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Monday, Oct. 23 | 11:45 a.m. - 12:45 p.m.
This event occurred Oct. 23, 2017
Experts from the School of Life Sciences and the College of Health Solutions will describe the rapidly growing field of personalized medicine.
Some key topics they will address will be the definitions and current capabilities of personalized medicine and who benefits most from this new field of medical research and practice. They will also discuss the major barriers that must be addressed in order to make personalized medicine accessible to everyone, and the ethics that guide the development and implementation of the resulting emerging technologies.
Life Sciences Café seminar series. Light food and beverage provided.
Assistant professor, College of Health Solutions, Arizona State University
Corrie M. Whisner is an assistant professor of nutrition in the School of Nutrition and Health Promotion. After receiving both her Bachelor of Science and doctorate in nutrition science from Purdue University, she was a USDA Agriculture and Food Research Initiative postdoctoral fellow in the Division of Nutritional Sciences at Cornell University.
Whisner’s research at ASU focuses on nutrient metabolism in pediatric populations and optimizing the gut microbome for sustained and optimal health throughout life. She studies the effects of prebiotic (novel dietary fiber) supplementation on calcium absorption and the gut microbiome in healthy adolescent boys and girls. She also has research expertise that includes studying the effects of maternal diet on prenatal bone loss and fetal programming among pregnant adolescents.
Currently, Whisner’s research focuses on the intricate relationships between lifestyle factors and intestinal microbial communities. Her work includes observational studies which aim to identify dietary factors that impact the intestinal microbiome and supplementation trials to alter systemic metabolic health via intestinal microbial functions.
Specific areas of systemic health that she has expertise in include osteoporosis and obesity. Most recently, Whisner has completed a longitudinal study of college freshmen to assess how changes in lifestyle behaviors (diet, exercise and stress) impact the intestinal microbiome and subsequent weight-related outcomes.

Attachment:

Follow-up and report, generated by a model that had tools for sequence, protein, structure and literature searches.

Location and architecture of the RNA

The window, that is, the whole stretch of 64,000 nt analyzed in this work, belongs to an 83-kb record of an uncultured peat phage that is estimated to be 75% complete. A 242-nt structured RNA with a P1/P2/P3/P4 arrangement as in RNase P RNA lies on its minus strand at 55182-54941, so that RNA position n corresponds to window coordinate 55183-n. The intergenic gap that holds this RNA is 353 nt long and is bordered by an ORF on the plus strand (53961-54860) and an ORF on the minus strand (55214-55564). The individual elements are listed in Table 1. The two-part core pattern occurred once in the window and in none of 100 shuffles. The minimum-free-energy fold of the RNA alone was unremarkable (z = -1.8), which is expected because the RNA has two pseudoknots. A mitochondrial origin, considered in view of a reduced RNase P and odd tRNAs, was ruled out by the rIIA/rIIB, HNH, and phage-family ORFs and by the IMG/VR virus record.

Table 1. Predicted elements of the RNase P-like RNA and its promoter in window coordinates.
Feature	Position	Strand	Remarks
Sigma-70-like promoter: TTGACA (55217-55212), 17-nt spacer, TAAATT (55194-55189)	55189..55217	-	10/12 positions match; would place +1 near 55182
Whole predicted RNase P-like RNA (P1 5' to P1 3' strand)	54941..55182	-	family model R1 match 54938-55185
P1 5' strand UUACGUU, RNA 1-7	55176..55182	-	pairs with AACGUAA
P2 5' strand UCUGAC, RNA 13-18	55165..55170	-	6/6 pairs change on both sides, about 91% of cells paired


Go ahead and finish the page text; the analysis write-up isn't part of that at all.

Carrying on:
Whisner is a member of the American Society for Nutrition and has served on the ASN Public Information Committee. She has also been a contributor to the ASN blog. In June 2015, Whisner was one of 20 early career professional inductees into the Dannon Institute’s Nutrition Leadership Institute and was a recipient of a “Diamond of the Department” award from Purdue's Nutrition Science Department in May 2016.
CCC-SLP; assistant professor, Department of Speech and Hearing Science, Arizona State University
Beate Peter is an assistant professor of Speech and Hearing Science at ASU and adjunct assistant professor of communication sciences and disorders at Saint Louis University. She holds an Master of Science in speech-language pathology and a doctorate in speech and hearing sciences, both from the University of Washington.
Following two years of clinical experience as a school-based speech-language pathologist, Peter gained cross-training in molecular and statistical genetics at the University of Washington, where she became the first and only clinical linguist to complete the Graduate Certificate in Statistical Genetics. With NIH funding, she went on to head the Speech/Language Genetics lab at the UW.
Now at ASU, her research focuses on identifying genetic etiologies of speech, language and reading disorders. Peter’s interests in translational genetics have led her to launch a study of preventative therapy in infants at known genetic risk for severe communication disorders (“Babble Boot Camp”). She is the architect of ASU’s new doctoral concentration, Translational Genetics of Communication Abilities.
Director, Biodesign Center for Innovations in Medicine
Stephen Albert Johnston is currently the director for the Center for Innovations in Medicine, a professor in the School of Life Sciences and director of the Biological Design Graduate Program at The Biodesign Institute at Arizona State University. The CIM and Johnston's current work focuses on innovative solutions to fundamental problems in biomedicine.
The CIM is unique in that it has brought together a group of interdisciplinary scientists who first identify a problem, analyze the physical economy basis of the related issues and then come up with an inventive solution. Current major projects include:
Johnston has experience in basic science, notably first cloning the Gal4 gene, showing that proteins have separable functional domains, and discovering the AAA proteins and their role in transcription. His focus now is in translational sciences and technology development.
He was co-inventor/innovator of pathogen derived resistance, organelle transformation, the gene gun, genetic immunization, TEV protease system, expression library immunization, linear expression elements, synbodies and immunosignaturing. He is author of over 150 journal articles, has over 20 patents and has garnered approximately $85M in grant support including large programs from DARPA, NIAID and NHLBI.
Hourly paid parking is available at the following locations: